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OPINION: Gov’t Officials And Cybersecurity Accountability

Last week, I offered my two cents about the misguided criticism of the U.S. State Department and Hillary Clinton regarding the alleged email “scandal” (aka circus) and concluded with the following: “So the real question is, should governmental agencies and their officials

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OPINION: Most Clinton Critics Are Missing The Point

Hillary Clinton’s self-maintenance of a personal email account for use in her capacity as a government official has raised questions about whether the State Department inadequately investigated the existence of official government business records or Clinton improperly failed to disclose

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The Peck(ing) Order for Predictive Coding Stays the Same

In his March 2, 2015 order issued in Rio Tinto PLC v. Vale S.A., et al., No. 14-Civ-3042 (S.D.N.Y.), Magistrate Judge Andrew Peck brought the world of predictive coding back to the future.  Quoting the first line of the order

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Cut The Crap: Cooperate Under Rule 26 or Look Like a Fool

An order issued by the court in Armstrong Pump, Inc. v. Hartman, 2014 WL 6908867, No. 10-cv-446S (W.D.N.Y. Dec. 9, 2014) provides a valuable lesson to all litigants—failure to cooperate under Rule 26 is no longer just unacceptable…it’s embarrassing.  In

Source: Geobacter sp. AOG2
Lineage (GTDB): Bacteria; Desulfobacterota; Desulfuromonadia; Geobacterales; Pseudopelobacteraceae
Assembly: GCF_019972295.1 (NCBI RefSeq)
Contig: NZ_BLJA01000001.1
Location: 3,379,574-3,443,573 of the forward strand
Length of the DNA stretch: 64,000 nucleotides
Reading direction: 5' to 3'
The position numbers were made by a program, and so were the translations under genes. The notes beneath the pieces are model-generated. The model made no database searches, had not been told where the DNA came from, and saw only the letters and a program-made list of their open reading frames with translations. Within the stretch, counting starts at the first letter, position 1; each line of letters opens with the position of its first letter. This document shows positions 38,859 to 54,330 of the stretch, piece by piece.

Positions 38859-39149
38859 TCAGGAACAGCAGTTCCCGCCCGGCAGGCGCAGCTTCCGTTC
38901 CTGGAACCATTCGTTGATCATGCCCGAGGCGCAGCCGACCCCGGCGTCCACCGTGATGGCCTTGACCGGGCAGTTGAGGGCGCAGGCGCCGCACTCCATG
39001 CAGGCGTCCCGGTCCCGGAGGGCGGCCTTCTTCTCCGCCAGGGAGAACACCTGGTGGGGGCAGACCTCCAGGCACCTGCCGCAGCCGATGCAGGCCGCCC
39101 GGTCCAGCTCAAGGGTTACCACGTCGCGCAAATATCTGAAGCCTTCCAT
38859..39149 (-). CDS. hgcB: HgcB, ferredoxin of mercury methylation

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Two Basics: Don’t Accept Candy From Strangers and Avoid Falling Into the “Document Dump[s]”

A recent order issued by M.J. Paul Grewal in Venture Corp. Ltd., et al. v. Barrett, No. 5:13-cv-03384, 2014 WL 5305575 (N.D. Cal. October 16, 2014) provides a useful reminder for all litigators: “Rule 34 (Producing Documents, Electronically Stored Information,

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Tread Lightly: eDiscovery Greed May Leave You With None At All

On July 14, 2014, the Court in United States v. University of Nebraska at Kearny (No. 4:11CV3209) took a significant step in support of Federal Rules 1 and 26.  Magistrate Judge Cheryl R. Zwart denied plaintiff’s motion to compel defendants

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Reasonableness and Proportionality Win Another Fight for Predictive Coding

On July 22, 2014, Judge Joe B. Brown issued a discovery order in Bridgestone Americas, Inc. v. Int’l Bus. Machines Corp. (Case No. 3:13-1196 M.D. Tenn.), in the plaintiff’s favor, allowing the use of predictive coding to further narrow a

Posted in Predictive Coding
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